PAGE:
So, since then I have been providing “emergency cover” for one of my rural primary schools. This is the tiny village up in the hills which has terrible phone reception, is in the middle of nowhere and is falling apart (the buildings etc).
It’s a l-o-n-g story so I won’t go into it too much. but suffice to say it is taking up a lot more of my life than originally thought. There is a great deal to sort out. The previous office manager had been unwell and has now resigned so it looks like I will be in situ for a few months yet. In actual fact, the Headteacher and I are currently wrangling with the HR department about contracts - rates of pay, grade-scales, hours of work etc etc blah blah blah. I have already clocked up over 120 hours of extra cover time – so I am keen to get this clarified as soon as possible. Since being treated so shoddily by DCS I am even more cynical than ever and am actually being a bit of a “toughie” and being assertive (it’s a bit scary and I’m out of my comfort zone for sure).
However, as part of my ‘argument’ the school administration is in complete dire straits! It seems that some BIG things have been out-of-control for a number of months, and this has just come to light - particularly issues with finances / accounts and, more worryingly, with a number of concerns about the SCR too. For those that do not know, the SCR is “Single Central Register” and is a statutory requirement in every UK school – all to do with safeguarding and HR records, like references, employment, qualifications etc. Basically, if the SCR is not up-to-date or following appropriate procedures then a school is in BIG TROUBLE and can fail inspections and so on and so forth. GULP!
So, I’m doing A LOT of school office “fire-fighting” and am attempting to get as much as possible under control – although nothing to do with figures because, well, I’m not interested in finances!!! And I am USELESS.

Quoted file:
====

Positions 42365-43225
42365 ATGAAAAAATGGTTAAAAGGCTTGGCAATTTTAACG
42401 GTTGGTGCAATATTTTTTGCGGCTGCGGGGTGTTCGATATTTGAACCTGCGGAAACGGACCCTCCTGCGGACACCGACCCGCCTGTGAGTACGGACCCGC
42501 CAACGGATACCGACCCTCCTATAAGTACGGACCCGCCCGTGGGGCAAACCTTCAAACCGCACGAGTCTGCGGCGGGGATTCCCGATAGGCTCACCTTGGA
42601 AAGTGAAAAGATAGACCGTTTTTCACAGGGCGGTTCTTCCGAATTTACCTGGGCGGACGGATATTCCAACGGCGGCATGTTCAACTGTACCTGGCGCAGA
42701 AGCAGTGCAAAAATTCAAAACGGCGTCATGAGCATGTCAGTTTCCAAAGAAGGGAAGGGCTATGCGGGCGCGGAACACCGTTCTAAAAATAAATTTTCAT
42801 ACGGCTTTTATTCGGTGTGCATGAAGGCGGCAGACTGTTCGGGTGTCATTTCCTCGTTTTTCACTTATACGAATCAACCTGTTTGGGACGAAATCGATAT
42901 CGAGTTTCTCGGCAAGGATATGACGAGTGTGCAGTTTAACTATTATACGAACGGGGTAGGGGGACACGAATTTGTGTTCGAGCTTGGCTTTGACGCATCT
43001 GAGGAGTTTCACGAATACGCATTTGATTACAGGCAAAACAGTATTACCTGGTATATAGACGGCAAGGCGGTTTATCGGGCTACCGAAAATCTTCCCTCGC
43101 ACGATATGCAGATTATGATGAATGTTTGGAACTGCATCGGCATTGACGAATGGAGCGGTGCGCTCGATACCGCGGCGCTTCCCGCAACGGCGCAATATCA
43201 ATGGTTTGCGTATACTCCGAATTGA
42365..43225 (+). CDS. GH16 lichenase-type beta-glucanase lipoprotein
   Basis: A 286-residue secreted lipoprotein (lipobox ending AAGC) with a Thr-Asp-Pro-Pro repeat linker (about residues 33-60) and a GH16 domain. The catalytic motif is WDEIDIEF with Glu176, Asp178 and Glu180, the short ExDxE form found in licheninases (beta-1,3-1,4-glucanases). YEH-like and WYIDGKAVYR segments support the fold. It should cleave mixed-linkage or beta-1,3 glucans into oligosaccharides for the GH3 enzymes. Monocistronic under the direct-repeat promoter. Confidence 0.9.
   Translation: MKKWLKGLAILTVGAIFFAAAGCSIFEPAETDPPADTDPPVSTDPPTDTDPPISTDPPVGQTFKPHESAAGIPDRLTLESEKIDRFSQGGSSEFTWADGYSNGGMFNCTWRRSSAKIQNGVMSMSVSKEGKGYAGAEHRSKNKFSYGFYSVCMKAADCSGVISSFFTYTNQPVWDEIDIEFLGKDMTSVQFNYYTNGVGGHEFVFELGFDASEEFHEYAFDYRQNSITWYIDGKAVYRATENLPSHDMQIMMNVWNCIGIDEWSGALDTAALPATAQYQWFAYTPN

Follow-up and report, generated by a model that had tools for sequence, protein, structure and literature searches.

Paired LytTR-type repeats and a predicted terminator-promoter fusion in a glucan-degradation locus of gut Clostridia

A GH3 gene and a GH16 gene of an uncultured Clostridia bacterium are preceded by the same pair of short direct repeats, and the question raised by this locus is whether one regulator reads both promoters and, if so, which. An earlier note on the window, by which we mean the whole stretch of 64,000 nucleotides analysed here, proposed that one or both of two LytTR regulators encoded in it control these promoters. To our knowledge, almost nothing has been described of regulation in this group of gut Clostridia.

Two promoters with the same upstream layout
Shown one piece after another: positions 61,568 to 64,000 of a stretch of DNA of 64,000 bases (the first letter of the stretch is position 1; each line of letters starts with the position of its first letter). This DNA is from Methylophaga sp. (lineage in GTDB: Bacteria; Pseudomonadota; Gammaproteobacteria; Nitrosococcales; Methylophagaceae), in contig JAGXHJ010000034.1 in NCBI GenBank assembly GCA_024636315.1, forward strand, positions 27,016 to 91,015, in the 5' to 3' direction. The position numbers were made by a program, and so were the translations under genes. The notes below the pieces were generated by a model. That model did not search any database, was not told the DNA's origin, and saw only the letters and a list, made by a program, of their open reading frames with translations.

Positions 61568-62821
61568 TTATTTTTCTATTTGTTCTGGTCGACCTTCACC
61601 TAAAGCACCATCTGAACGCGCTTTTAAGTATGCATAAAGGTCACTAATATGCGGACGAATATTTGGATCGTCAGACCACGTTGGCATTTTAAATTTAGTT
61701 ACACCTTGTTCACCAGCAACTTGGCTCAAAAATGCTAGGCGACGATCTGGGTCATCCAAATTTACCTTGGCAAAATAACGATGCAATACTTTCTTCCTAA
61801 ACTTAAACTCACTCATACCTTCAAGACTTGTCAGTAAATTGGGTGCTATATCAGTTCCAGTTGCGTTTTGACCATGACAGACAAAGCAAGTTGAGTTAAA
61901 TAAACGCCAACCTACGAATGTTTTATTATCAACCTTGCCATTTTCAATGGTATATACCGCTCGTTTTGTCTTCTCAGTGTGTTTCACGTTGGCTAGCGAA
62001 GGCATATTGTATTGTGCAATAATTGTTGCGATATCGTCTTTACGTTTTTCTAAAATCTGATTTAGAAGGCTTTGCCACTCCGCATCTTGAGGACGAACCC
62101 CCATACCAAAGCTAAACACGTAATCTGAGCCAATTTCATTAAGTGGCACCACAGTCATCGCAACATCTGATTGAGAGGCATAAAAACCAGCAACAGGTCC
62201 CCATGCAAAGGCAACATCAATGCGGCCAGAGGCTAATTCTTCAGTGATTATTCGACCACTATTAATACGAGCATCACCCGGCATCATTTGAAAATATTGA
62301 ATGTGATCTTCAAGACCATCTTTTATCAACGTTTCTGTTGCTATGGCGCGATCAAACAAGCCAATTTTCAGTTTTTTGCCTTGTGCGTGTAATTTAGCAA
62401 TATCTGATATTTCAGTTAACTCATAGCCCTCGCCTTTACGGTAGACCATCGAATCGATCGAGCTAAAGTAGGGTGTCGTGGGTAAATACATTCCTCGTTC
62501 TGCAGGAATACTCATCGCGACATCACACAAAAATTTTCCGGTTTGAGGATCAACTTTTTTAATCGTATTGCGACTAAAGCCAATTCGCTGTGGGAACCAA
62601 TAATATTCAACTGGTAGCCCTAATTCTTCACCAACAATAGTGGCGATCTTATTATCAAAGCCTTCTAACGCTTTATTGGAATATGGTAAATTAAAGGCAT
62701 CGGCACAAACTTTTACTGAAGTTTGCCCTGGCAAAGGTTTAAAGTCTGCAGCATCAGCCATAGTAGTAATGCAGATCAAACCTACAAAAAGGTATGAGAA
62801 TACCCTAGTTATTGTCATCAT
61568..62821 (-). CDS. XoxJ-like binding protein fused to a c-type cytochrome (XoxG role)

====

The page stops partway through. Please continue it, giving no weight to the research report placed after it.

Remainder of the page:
On the other side of general administrative things, I keep finding jobs that are half-done or not even started and whilst some are not particularly difficult these tasks generally take a lot of time and fiddling about to organise…. For example, liaising with the NHS vaccination team to get 88 children their nasal flu vaccinations, and various school trips including 25 Reception and Year 1 children (average 5 years old) to the Black Country Museum …. Including coach hire, emergency contacts, parent helpers with (or without) DBS clearance because of Child Protection rules and so on and so forth. On the horizon there is also the whole-school trip to see the Dick Whittington Panto at Chipping Norton Theatre, various concerts and vocal workshops, the Nativity Play, church services and so on, and so on, It has been a case of “panic stations” in all honesty – from the teaching staff – and of course, I am trying to come up with the goods whilst maintaining a cheerful, calm and positive image (ha! ha!).
And, of course, there is all the normal day-to-day stuff to deal with, and that can be bad enough sometimes… registers (statutory requirement, obviously), lunches, parents’ queries and observations [groan], lost jumpers / t-shirts / hats, gloves and scarves, delivery guys, tearful fallings-out with best-friends in the playground and a variety of snotty noses and bloody knees – and that’s just the teachers?*!
So – that’s me. Paul is also busy. He has been up at The Cotswold Farm Park this week for the beginning of setting up the Light Trail for the Christmas thing. He also has done a little studio cover at The Everyman and working at Malvern Showground doing a set-up for their Christmas Show. To date, he hasn’t had a day off in nearly three weeks – and most days start at 8am and he doesn’t get to leave until 6pm at the earliest. As you can imagine he is shattered – and completely over all the additional problems that come with heavy rain and electrics!!